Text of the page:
Will RBI cut repo rate on February 8 or prefer status quo?

It will be a close call as MPC is evaluating compelling but competing reasons

Published: Feb 7, 2017

A journalist for 18 years, I have been writing on business with special focus on automobiles, commodities and management. Corporate stories are my forte but that has not restricted me from writing on diverse subjects such as sports (especially Formula 1), films, music and so on...

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Image: Danish Siddiqui / Reuters

The Budget 2017 has been well received and the government of India should well be hoping that a cut in repo rate (it is currently at 6.25 percent) at the Reserve Bank of India’s bi-monthly credit policy meeting being held today and tomorrow will set the stage for improving the investment climate and boosting growth. The government has its reasons to believe so. Inflation is benign. The Consumer Price Index at 3.4 percent is far below the central bank’s inflation target of 5 percent for the fourth quarter of 2016-17. Also, the recent Budget has been very disciplined in ways more than one. The government has continued with the path of fiscal consolidation by reducing the fiscal deficit as a share of GDP from 3.5 percent (in 2016-17) to 3.2 percent in (2017-18). It was 3.9 percent in 2015-16. That apart, the revenue assumptions for 2017-18 have been realistic.

Overall, expenditure as a percentage of GDP has declined by 0.7 percent. Significantly, the quality of the expenditure has also improved. The share of capital expenditure in the total has risen by 25 percent and bulk of the expenses have been earmarked for infrastructure and rural spending which should result in long term gains. Allocation for subsidies at 1.6 percent of GDP is the lowest in nine years. The revenue deficit at 1.9 percent of GDP is below the Fiscal Responsibility and Budget Management target of 2 percent. The government has also informed that in 2017-18 market borrowing to fund the deficit will be lower at 64 percent from 68 percent in 2016-17. So the government, it appears, has clearly done its part and set the stage for a lower interest rate regime. There are other reasons as well that support a rate cut. Private sector investment continues to be sluggish weighed down by the output gap. A rate cut might well embolden corporate India to start investing on the hope that consumption will increase (Budget has also done its bit to boost it) to absorb the excess capacity. “…while it is a close call, we expect the RBI to cut [repo rate] by 25 basis point,” says HSBC in a report.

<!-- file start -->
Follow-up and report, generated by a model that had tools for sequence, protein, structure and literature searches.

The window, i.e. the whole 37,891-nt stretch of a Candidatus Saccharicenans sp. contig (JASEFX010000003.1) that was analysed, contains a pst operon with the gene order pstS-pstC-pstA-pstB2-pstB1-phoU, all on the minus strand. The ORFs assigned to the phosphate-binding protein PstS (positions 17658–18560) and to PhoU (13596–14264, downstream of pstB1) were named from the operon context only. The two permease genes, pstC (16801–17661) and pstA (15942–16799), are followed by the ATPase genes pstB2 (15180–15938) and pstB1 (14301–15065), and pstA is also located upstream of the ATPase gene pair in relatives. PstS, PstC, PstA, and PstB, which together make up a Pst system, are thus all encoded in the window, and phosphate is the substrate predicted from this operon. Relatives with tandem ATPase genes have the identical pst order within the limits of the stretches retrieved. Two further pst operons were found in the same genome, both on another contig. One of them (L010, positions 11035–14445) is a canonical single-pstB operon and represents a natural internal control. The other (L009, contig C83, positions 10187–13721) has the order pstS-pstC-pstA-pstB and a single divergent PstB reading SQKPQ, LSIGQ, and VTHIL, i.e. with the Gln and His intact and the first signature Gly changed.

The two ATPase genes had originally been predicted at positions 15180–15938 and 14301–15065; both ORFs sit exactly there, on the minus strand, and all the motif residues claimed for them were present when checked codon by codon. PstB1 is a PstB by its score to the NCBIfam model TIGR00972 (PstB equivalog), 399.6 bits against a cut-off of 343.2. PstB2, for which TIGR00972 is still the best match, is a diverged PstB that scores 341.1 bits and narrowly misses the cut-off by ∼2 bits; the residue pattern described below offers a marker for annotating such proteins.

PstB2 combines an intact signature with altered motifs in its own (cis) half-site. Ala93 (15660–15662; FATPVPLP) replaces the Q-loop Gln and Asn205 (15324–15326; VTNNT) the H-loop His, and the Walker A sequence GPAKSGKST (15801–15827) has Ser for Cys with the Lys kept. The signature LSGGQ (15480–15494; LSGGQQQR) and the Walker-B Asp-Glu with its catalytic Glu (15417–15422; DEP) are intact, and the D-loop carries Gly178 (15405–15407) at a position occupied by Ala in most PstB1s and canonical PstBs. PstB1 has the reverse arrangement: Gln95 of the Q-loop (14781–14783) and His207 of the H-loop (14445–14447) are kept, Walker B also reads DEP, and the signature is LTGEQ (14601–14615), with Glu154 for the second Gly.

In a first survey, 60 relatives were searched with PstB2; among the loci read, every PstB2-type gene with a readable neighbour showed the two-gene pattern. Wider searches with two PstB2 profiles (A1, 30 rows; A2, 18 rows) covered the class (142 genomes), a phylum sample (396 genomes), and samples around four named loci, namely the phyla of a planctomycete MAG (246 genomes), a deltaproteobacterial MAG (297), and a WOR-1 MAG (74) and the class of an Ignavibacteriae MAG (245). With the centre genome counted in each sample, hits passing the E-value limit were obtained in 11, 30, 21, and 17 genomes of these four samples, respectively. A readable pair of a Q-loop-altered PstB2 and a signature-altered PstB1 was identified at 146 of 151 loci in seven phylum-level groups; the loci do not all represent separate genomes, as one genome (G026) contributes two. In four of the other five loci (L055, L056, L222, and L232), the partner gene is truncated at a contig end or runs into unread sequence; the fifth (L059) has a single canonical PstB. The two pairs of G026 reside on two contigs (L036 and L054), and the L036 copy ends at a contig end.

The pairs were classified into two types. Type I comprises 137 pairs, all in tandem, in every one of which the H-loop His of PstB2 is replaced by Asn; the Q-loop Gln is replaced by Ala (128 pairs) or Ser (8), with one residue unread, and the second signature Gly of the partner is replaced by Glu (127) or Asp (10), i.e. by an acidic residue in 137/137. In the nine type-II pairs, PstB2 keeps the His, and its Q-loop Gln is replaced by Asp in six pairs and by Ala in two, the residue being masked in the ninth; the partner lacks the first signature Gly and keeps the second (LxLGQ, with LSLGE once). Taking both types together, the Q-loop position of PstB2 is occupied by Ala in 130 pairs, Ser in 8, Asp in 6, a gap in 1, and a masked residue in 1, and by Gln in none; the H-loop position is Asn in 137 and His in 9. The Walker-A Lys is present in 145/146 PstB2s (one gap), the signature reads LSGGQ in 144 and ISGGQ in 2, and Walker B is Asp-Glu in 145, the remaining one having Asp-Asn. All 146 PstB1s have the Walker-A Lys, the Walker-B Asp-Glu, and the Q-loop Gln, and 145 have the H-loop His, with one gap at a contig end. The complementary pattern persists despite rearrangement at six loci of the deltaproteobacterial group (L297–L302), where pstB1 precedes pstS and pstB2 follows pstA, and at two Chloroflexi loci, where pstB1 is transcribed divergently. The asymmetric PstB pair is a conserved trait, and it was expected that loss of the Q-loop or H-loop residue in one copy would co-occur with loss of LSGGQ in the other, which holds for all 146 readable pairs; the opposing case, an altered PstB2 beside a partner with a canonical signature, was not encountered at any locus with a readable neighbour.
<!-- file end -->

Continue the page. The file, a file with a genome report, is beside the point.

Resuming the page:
But what makes the decision difficult for the Monetary Policy Committee(MPC) is that the factors that weigh against a cut and for a possible pause to an accommodative stance are also stronger. Core inflation continues to be sticky and could well fuel inflation going forward if one considers the northward movement in the price of crude oil and other major commodities. In fact, it was for this reason that the MPC, in its December meeting, unanimously chose not to cut rates. The situation on the ground, when it comes to these factors, has not changed a bit in the last two months. The global uncertainties have only risen. The US Fed has increased the policy rate by 25 basis point in December and is making enough noises to suggest that more are in the offing. It is expected that cumulatively it could well cut rates by 75 basis points in 2017. This could well impact India by importing inflation. Then there are uncertainties involving President Trump and his policies which are dramatically altering the way the world does business. Another strong reason against a possible cut now is the fact that banks are flush with funds post-demonetisation and they have already dropped interest rates by as much as 90 basis points in the last one month. With interest rates already declining, MPC may decide to hold back a rate cut for the next meeting in April. “The room for rate cut is limited – 25 basis points cut more likely in April than the February policy,” says Citi in its report.

A critical factor that will, however, drive MPC’s thought process will be what it determines as the inflation target for the next year. Will it move to the mid-point of the 2-6 percent range that has been agreed to with the government? If it chooses to move to 4 percent, then the room for a rate cut is low. It could well adopt a more accommodative policy and peg the target at between 4 and 5 percent. “…as long as investment demand is weak, the RBI will focus on keeping inflation in the 4-5 percent range, only aiming towards 4 percent  once investment shows surer sign of revival,” suggests HSBC’s report. If that happens then MPC will have some headroom to cut rates. Whatever the MPC decides on Wednesday, a few elements are certain – a rate cut, whether it happens tomorrow or in April, can at best be for 25 basis points and it is unlikely that any cut would happen post-April as GST implementation will be on and the economy will be on an adjustment mode.

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